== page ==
Final Analysis:  Carp’s a pro’s pro, and he’s been around long enough to know what it’s like to push the boulder up the hill for the entire season as the staff ace.  He just gave the team an easy “out”, if the team needs one.  What more could you ask of a veteran pitcher? 

TIDBIT:  All the chatter about Mark Buehrle will eventually somehow be connected to Carp.  If both the Cardinals and White Sox are out of the race by the deadline, the Cards could trade off Carp for some prospects, and then they could deal for Buehrle.  The net result would probably be Buehrle plus a slight improvement to the talent pipeline.  Another possibility is that the Cardinals could just hold off until after 2011 to see if the White Sox exercise the team option on Buehrle for 2012.  I’m not really on board for either scenario yet.  Buehrle’s contract includes a kicker that boosts his 2011 pay by $1M if he gets traded, and that trade would automatically trigger his 2012 option which is worth $15M.  No wonder he’s expressed interest in St. Louis.  For $15M, I’d express interest in pitching in Siberia for 1 season.  Duh.  Admittedly, Buehrle is just shy of 32, but I’d still have Carp for 2011-2012 than Buehrle, because I don’t see Buehrle taking a tremendous pay cut beyond 2012.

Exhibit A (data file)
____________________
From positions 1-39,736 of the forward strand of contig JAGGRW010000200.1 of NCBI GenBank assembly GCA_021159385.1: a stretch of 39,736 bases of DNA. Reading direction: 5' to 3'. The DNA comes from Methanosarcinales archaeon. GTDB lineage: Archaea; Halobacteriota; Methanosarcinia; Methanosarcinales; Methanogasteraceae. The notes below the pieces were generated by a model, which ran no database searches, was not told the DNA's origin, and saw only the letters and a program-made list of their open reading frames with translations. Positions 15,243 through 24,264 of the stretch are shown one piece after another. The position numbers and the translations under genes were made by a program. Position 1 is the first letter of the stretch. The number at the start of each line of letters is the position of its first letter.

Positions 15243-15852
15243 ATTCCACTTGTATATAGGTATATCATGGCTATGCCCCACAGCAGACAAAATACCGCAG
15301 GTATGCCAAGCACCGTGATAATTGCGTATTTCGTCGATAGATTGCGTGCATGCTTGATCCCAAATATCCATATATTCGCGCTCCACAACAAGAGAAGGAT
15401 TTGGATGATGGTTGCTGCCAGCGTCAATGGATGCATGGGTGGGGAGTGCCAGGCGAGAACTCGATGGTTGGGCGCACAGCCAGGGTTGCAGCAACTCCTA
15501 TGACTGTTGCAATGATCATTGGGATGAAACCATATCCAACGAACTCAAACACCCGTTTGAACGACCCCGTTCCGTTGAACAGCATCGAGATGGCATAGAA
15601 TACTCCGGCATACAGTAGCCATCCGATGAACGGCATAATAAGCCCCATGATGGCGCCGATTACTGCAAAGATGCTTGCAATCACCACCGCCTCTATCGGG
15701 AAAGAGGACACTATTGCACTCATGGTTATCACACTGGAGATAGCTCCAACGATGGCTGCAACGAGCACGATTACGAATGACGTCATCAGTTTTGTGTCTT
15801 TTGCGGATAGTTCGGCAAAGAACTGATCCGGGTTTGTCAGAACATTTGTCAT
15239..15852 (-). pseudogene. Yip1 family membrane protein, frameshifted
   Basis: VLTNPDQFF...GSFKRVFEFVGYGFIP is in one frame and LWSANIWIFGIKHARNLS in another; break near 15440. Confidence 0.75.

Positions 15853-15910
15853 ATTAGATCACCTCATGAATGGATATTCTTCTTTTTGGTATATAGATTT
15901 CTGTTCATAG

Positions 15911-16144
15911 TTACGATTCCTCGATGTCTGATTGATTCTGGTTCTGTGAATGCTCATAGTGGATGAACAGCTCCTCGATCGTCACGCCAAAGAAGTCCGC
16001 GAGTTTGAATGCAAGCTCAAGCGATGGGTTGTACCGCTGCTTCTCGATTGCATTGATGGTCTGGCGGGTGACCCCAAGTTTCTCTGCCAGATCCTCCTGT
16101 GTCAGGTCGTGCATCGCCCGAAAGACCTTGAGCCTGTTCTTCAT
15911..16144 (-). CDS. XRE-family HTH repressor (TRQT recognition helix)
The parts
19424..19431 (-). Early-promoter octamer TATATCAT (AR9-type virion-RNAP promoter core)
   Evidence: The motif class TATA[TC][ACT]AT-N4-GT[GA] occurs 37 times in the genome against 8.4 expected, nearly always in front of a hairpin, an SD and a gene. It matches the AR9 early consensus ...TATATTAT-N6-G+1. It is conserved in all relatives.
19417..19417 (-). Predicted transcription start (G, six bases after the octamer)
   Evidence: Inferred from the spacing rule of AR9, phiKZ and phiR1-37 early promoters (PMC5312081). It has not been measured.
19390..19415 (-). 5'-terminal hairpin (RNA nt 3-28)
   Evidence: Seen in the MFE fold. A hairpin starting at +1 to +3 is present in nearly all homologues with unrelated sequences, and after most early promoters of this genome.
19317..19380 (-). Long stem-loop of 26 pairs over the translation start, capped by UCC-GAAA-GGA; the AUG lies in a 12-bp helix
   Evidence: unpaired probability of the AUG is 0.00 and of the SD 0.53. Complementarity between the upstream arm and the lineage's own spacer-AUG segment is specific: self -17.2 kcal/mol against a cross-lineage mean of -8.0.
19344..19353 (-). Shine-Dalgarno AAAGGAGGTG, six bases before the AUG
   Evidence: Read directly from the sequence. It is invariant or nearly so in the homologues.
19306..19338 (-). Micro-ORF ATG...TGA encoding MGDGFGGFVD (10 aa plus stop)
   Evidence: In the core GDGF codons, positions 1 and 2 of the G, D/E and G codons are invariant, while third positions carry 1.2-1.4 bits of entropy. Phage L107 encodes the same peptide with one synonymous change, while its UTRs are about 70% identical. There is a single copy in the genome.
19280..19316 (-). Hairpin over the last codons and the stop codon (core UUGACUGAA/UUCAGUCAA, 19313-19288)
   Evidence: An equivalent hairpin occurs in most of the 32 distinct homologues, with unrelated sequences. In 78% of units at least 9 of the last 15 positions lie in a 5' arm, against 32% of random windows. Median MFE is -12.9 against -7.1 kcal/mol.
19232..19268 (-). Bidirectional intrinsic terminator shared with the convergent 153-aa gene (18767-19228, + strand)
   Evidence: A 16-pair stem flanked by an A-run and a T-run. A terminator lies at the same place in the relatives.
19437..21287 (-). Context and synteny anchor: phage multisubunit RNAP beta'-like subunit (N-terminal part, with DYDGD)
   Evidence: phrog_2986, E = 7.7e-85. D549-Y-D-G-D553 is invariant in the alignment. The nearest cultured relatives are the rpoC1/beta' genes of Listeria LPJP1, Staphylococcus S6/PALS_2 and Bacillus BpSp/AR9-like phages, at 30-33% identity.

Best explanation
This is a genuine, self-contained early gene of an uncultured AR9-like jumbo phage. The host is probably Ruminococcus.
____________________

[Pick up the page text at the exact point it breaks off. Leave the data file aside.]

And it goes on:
Like it?  Already tired of people spelling “Buehrle” wrong?  Follow gr33nazn on Twitter, and we’ll punish those people with quotes from crappy 80′s movies!

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Cardinals fan since I could hold a fishing pole steady. Accidental blogger. Opinionated. I could care less about what you think of me. Constantly confounded, bemused, and confuzzled (ie I'm a pc and a mac). I'm an IT infrastructure analyst with a penchant for breaking tech toys. I ate a sabermetric primer for breakfast. I love playing "All-powerful GM of MLB". The 2010 Cardinals represented a good, practical definition "cognitive dissonance". The 2011 version got by on duct tape and a prayer, and I'm fine with that. They just need new tape for #12 in 12.